Thanks to financing, it’s possible to buy a reliable vehicle even when you don’t have all of the cash on hand. Or even if you do have the cash, it ensures you don’t have to erode all of your savings just to get a new set of wheels. But as helpful as car loans are, you need to make sure you know what you’re doing.

Getting a Car Loan? Avoid These 5 Mistakes (At All Costs) - loan, credit score, car

The 5 Mistakes You Need to Avoid

The average person will purchase 9.4 cars in their lifetime. And while some of these purchases will be cash payments, most involve some sort of financing. Thus it’s imperative that you understand how to find the best deals on car loans. Part of this involves avoiding costly mistakes. Let’s take a look at some of the biggest ones you need to stay away from:

1.Failing to Get Pre-Approved

You don’t technically have to get pre-approved to buy a car, but it’s a wise decision. This lets you know exactly how much you have to spend, what the rate will be, and other important factors. (A failure to get pre-approved could put you in a situation where a car is much more expensive than you originally thought it would be.)

However, it’s important to note that a prequalification is only based on limited information. The lender doesn’t pull your credit, which means the final offer can be much different than what they present to you in your prequalification. Just make sure you’re aware that this number isn’t set in stone.

2.Buying Based on Payment

One of the worst things you can do is buy a car with a target payment amount in mind. It would be a mistake, for example, to go into a car buying situation wanting to spend $450 per month. If this is your mindset, you’ll end up letting the car dealer and/or lender decide how much you pay in interest.  The better approach is to set a budget, know your rates, and then buy something that fits these numbers.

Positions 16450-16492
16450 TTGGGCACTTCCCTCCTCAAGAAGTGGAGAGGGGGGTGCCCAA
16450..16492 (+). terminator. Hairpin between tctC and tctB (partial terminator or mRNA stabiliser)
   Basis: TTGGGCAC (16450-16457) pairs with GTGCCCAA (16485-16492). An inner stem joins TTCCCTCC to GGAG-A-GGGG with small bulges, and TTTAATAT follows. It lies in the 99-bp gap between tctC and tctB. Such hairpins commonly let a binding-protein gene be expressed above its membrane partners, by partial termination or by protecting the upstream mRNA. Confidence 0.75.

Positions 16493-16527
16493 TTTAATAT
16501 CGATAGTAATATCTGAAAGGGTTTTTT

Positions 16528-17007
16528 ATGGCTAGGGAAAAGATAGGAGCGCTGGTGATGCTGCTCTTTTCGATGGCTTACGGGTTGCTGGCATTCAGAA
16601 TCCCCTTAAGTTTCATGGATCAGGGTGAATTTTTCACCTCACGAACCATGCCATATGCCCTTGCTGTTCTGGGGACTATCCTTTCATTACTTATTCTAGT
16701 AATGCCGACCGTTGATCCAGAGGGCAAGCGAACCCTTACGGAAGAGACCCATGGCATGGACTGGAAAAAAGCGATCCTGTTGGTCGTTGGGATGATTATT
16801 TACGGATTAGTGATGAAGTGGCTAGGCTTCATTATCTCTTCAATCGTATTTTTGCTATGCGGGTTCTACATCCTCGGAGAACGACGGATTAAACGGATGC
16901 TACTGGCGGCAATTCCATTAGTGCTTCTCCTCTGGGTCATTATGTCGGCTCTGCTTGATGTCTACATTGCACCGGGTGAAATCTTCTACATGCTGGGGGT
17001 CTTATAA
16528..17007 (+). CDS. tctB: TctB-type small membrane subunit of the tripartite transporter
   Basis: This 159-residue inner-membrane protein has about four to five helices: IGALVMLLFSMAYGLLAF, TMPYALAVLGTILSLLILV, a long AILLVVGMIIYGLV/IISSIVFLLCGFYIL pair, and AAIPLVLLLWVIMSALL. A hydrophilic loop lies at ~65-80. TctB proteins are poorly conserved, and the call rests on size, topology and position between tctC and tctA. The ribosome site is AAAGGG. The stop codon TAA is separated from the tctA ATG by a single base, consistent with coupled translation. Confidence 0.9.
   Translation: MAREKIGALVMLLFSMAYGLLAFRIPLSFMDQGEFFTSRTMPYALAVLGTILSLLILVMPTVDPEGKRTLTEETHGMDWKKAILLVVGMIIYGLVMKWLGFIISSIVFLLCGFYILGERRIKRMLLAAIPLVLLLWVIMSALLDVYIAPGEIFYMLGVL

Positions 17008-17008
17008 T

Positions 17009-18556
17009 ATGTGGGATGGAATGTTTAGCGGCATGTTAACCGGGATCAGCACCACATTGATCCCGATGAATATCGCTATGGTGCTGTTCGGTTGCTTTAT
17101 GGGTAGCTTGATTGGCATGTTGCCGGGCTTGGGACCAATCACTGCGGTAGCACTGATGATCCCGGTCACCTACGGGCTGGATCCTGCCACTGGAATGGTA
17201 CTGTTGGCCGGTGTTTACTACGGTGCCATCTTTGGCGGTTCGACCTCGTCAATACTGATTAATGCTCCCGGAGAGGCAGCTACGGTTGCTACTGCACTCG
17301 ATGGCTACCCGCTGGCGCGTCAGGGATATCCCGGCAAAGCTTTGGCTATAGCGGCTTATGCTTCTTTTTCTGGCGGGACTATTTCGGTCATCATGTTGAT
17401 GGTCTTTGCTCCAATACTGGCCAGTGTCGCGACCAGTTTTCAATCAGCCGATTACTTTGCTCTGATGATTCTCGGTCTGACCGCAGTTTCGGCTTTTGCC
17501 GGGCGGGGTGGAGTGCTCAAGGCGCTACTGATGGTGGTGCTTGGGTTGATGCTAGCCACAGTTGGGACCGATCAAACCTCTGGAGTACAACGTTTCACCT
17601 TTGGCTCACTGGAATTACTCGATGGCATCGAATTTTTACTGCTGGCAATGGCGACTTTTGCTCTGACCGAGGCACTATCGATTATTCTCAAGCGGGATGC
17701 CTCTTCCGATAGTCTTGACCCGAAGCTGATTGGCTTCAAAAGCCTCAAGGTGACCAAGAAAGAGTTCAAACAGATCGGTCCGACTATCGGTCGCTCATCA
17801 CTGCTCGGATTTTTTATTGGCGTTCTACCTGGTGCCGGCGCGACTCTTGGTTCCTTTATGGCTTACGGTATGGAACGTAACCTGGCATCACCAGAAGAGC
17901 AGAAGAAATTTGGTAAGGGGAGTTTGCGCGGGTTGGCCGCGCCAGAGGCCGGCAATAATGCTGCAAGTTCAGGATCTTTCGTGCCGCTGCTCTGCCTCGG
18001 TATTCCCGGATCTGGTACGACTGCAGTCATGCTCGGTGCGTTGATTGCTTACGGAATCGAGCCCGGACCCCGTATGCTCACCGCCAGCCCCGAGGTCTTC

3.Using a Variable Rate

When you take out a car loan, there are a couple of different options. You can go with a variable rate loan or a fixed rate loan.

A variable rate loan is a loan where the interest rate can change over the life of the loan. This rate may fluctuate according to the prime rate (which is a consistent rate that’s set independent of the lender). When you take out this sort of rate, you need to understand that the rate can go up. And in most cases, it will go up. This could dramatically impact your payment and turn an otherwise affordable car into an expensive liability.

A fixed rate car loan, on the other hand, is set in stone. The rate you’re offered up front is the rate you’ll pay over the life of the loan. When looking for the cheapest car loan, shop lenders who offer fixed interest rates.

4.Not Shopping Rates

Speaking of shopping lenders, it’s wise to look around and get quotes from a handful of lenders. This will help you understand your rate – meaning the rate that lenders are willing to offer you based on your financial factors. Once you get rates from three lenders, you’ll begin to see what that number is. (There’s no need to get quotes from any more than that.)

5.Failing to Read the Fine Print

Always read the fine print of any loan you take out. Whether it’s a personal loan, car loan, or mortgage, the fine print will give you all of those important details that haven’t been discussed out loud. In some cases, they can hide some pretty harsh information.

One of the things to avoid is prepayment penalties. It should be your choice whether you want to make extra payments and pay off your loan in advance. However, some lenders will sock you with steep penalties. Avoid this by reading the fine print and asking pointed questions.

Do Your Research

Don’t buy a car with financing unless you’ve first taken the time to research your options and understand how the process works. This article should give you a nice starting point – a solid footing that you can build upon. Now take the time to study the nuances so that you can improve your chances of getting the best possible loan.